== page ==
Syphilis is a sexually transmitted disease caused by the bacteria Treponoma pallidum. It is often called the "Great Imitator" because syphilis symptoms resemble those of other common diseases. It has also been given the names "Miss. Siff" and "The Pox". Almost 36 000 cases of syphilis are reported in the United States each year but many more go unreported. The majority of syphilis sufferers are male, accounting for about 60% of all cases. If caught early on in a syphilis test, syphilis can be easily treated. However, if left untreated, syphilis can cause heart problems, psychological disorders, blindness, and death. Syphilis also increases the risk of contracting HIV, the virus that causes AIDS, by up to five fold.
Type of Infection: Bacterial
Modes of Transmission: Syphilis is almost always transmitted through sexual contact with an infected person. The syphilis bacteria can easily spread from the ulcers on an infected person to the mucous linings of the mouth, genitals, and anus of an uninfected sexual partner. Though unlikely, it is possible to contract the infection by coming into contact with the broken skin of an infected person. Syphilis can also be passed from an infected mother to her unborn child.
Symptoms: Syphilis symptoms occur in stages. Primary syphilis results in painless sores called "chancres." These usually appear on the genitals, but they can also appear on the lips, tongue, and other body parts. These chancres generally disappear within a few weeks, but if left untreated, the disease can progress to chronic stages. Secondary syphilis begins with the syphilis rash. This is an infectious brown skin rash that typically occurs on the bottom of the feet and the palms of the hand. Fever, sore throat, swollen glands, and hair loss can also be experienced. The third stage of syphilis can last for many years, and you may suffer from joint and bone damage, increasing blindness, numbness in the extremities, or difficulty in coordinating movements.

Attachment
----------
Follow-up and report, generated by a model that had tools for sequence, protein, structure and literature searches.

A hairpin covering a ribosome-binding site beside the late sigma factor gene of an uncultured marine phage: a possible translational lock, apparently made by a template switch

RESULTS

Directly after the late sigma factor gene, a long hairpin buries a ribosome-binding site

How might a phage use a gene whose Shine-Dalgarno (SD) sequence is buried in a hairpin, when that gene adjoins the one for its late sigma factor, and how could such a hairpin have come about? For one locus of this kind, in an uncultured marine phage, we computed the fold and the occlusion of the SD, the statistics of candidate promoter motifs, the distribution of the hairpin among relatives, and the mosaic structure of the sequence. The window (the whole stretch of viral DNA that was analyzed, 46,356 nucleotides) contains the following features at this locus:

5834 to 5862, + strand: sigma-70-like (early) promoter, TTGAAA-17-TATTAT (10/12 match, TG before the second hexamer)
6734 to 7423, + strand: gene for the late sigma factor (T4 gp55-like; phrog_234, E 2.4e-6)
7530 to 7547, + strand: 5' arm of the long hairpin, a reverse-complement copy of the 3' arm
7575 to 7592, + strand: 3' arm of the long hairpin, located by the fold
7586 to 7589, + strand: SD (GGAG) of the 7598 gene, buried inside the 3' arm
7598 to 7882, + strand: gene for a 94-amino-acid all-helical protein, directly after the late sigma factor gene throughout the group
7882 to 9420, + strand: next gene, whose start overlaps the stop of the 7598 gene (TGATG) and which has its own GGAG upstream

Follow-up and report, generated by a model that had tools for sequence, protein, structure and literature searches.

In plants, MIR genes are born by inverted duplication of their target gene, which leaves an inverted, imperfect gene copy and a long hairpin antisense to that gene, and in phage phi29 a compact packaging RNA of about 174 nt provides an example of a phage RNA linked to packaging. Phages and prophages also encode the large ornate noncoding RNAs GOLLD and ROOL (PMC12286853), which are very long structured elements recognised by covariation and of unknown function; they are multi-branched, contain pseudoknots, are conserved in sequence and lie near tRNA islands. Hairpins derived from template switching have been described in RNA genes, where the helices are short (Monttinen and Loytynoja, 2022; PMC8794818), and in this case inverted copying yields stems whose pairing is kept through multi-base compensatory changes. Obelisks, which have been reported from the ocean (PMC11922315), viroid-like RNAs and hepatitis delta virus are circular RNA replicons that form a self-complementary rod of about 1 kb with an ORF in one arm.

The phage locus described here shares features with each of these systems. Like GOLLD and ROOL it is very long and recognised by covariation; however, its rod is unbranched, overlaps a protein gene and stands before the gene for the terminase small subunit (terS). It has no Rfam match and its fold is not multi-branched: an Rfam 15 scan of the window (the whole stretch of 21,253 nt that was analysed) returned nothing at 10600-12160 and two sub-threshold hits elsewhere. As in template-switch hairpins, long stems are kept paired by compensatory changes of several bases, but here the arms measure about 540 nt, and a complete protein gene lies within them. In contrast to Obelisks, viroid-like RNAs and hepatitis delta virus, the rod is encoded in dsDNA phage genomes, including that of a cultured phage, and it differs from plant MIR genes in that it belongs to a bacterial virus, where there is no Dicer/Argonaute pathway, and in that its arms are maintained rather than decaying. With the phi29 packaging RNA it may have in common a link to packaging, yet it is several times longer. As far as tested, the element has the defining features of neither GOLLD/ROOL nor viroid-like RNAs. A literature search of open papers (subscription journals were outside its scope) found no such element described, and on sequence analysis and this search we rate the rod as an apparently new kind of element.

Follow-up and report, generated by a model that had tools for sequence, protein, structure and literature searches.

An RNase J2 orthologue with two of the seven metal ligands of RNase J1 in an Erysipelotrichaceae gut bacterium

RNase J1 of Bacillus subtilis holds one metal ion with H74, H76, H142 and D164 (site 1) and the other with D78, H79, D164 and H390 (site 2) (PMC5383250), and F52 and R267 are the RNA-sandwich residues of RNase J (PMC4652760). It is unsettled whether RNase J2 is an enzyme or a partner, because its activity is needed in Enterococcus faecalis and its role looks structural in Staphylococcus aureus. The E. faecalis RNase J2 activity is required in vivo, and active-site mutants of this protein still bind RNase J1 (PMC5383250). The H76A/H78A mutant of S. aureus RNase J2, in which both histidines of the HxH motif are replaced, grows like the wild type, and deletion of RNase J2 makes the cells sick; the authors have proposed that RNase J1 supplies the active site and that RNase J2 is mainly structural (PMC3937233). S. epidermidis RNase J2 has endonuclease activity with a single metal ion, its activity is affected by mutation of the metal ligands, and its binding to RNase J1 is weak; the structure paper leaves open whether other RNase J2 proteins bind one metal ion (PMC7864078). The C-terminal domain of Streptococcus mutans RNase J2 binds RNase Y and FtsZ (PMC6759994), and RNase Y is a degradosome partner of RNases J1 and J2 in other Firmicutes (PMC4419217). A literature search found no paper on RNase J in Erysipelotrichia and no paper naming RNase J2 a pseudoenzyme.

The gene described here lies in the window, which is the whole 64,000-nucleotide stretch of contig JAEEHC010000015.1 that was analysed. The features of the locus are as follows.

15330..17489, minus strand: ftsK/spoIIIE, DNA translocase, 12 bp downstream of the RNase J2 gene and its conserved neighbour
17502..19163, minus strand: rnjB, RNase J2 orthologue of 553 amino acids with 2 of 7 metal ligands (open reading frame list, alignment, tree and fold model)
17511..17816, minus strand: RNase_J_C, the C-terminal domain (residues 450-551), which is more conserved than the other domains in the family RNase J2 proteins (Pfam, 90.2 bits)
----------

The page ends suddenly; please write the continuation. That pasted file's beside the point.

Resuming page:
Treatment: If caught early, syphilis is easily treatable. A single dose of an intramuscular penicillin injection can cure those infected within a year. 24 hours after this injection, you are no longer infectious. Some people don't respond to these penicillin injections, or cannot receive them due to allergies. Other antibiotics are used in these cases. Frequent blood tests over a two year period are required to ensure that the syphilis bacteria has left your system. Treatment will not reverse any damage suffered as a result of the syphilis infection.
Complications: If left untreated, syphilis can cause serious damage to the heart, brain, eyes, ears. It can cause permanent blindness and dementia, and can even result in death. The chancres caused by syphilis can leave you at an increased risk of contracting HIV. These open sores provide easy entry points for the HIV virus, which, if contracted, will lead to AIDS.
Consequences in Infants: Syphilis is easily communicable to your unborn child. This is called congenital syphilis. 40% to 70% of women with syphilis will infect their child and 25% to 50% of these children will be miscarried or stillborn. Congenital syphilis is extremely dangerous, causing deformities, seizures, blindness, and damage to the brain, bones, teeth, and ears.
Risk Factors: You are especially at risk if you do not know the health status of your sexual partners. Those who have sex with multiple partners are also at risk. Health care workers may be at risk of contracting the disease, due to increased contact with those infected with the disease. Drug users who share needles or pipes are also at risk as are those working and living in a corrections facility.
Prevention: To prevent being infected with syphilis, avoid contact with open sores. Use condoms during sex in order to reduce your risk of contracting the syphilis bacteria. Condoms will not completely safeguard you from getting syphilis, as sores can occur on other parts of the body. Use a dental dam during oral sex. Abstinence is the best method to prevent infection. Testing is the only way to prevent syphilis from progressing to its later stages. If you think you may have syphilis, or if you see any of its symptoms, get tested. Routine testing for syphilis is performed on all pregnant mothers to prevent passing the disease to fetuses and newborns. Health care workers should ensure appropriate precautions are taken when dealing with the syphilis bacteria.
Research: New research is being conducted into creating a vaccine for syphilis. This vaccine will help the body's immune system fight the disease. A safe, one-dose pill is also being developed for those allergic or immune to penicillin. New tests for detecting the disease are being created. These utilize saliva and urine samples, instead of blood samples, to detect the syphilis bacteria.
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